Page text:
"Not many people are aware that Eddie averages four hours sleep a night. But at the end of the day, when the last tackle has been made, it's up to the players to perform," Sailor wrote in The Sunday Telegraph.
"There was never any hint of internal rumblings or any back-stabbing of Eddie from the players. We always had faith in his ideas and team structures.
"In fact, had we carried out his game plans to the letter, we're all sure we would have won a lot more matches.
"As a Wallaby, I feel responsible for it. I know the results tell a sad story, but on tour some players, including myself at stages, didn't hold up our end of the bargain.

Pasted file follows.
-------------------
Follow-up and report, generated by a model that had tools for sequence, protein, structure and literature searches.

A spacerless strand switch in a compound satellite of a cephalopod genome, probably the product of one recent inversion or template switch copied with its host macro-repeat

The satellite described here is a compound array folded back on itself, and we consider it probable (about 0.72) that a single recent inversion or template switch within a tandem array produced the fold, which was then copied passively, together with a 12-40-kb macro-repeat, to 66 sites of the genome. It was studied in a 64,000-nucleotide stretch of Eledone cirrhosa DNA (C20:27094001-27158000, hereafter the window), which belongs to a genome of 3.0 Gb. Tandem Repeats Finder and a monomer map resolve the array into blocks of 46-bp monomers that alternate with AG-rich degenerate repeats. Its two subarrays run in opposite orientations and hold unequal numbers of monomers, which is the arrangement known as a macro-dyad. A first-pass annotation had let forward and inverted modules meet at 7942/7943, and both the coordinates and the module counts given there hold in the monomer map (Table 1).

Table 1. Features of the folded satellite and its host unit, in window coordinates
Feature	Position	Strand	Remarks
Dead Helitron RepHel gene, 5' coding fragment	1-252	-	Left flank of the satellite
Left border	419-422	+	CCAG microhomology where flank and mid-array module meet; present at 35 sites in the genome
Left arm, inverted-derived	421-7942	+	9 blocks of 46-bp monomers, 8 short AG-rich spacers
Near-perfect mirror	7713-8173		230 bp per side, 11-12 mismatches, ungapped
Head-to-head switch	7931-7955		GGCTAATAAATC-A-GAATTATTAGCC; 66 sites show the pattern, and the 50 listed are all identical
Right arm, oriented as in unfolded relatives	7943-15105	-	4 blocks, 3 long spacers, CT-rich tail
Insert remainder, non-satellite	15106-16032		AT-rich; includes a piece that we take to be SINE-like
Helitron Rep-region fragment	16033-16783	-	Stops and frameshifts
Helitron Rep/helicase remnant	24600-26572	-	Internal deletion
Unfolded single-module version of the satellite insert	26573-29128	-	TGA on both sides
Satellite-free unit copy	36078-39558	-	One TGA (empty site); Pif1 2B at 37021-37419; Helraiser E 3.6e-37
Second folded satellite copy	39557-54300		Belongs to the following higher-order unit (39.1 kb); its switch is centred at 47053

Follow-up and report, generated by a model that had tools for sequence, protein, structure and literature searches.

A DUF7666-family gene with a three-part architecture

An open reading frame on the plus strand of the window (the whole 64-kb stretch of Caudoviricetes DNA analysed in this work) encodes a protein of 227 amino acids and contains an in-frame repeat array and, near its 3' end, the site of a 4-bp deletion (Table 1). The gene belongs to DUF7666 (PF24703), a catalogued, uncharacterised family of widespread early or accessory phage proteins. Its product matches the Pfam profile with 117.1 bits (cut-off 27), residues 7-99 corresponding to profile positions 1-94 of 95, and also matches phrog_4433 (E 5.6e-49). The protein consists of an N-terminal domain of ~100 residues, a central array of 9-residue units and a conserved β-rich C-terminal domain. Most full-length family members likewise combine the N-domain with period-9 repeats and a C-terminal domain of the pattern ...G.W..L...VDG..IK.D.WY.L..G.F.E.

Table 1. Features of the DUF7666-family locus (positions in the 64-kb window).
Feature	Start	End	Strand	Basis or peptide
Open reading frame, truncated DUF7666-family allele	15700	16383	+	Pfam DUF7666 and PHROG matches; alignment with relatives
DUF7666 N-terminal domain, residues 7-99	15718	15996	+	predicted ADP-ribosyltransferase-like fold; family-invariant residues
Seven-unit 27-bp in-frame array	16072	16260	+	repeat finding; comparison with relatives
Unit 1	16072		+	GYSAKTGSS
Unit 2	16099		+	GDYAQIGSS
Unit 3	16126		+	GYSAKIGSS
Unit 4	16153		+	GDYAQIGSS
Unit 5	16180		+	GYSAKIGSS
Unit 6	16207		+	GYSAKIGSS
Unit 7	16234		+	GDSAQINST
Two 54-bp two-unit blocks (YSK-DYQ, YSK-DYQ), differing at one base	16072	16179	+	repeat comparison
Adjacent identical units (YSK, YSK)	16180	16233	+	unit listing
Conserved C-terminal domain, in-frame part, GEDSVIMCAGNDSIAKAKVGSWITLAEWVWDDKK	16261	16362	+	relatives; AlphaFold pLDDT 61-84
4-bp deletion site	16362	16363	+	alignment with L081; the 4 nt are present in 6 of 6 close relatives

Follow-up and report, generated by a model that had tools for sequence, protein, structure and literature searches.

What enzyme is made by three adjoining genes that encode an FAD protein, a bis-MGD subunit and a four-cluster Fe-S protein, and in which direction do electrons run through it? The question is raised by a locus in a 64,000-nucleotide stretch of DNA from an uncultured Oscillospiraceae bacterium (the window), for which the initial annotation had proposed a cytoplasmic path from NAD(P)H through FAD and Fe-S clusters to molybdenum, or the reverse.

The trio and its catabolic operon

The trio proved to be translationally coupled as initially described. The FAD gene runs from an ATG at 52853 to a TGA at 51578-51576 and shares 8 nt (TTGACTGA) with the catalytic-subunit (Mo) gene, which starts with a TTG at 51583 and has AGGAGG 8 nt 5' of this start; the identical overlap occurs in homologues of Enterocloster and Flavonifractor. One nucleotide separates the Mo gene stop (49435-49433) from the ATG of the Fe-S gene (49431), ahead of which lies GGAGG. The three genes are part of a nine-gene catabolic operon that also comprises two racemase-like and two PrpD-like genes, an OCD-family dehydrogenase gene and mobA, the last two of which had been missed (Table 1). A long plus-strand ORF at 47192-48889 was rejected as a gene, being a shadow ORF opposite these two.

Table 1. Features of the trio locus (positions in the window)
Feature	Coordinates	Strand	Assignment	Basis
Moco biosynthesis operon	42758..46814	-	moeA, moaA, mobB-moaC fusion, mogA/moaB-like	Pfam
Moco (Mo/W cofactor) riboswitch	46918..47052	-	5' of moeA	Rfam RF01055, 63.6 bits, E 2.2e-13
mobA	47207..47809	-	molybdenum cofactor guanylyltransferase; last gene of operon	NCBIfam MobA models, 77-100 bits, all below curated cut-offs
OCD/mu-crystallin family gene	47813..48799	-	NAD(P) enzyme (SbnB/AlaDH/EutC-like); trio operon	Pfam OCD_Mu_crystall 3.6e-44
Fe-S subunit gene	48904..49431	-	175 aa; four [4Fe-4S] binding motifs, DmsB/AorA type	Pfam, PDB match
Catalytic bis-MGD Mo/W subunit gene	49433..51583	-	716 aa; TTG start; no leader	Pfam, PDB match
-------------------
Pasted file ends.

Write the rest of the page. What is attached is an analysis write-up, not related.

"There's a certain amount of ownership that falls back on to the players and I don't think you can just blame the coach. As Wallabies players, we all played a major role in Eddie's sacking."
Sailor also believes that the Wallabies would have performed far better had they been able to choose the likes of Stephen Larkham, Stirling Mortlock and Jeremy Paul.
"We played away against the greatest rugby nations in the world, leaving four or five world-class players at home. It was one of the toughest tours I've been on," Sailor added.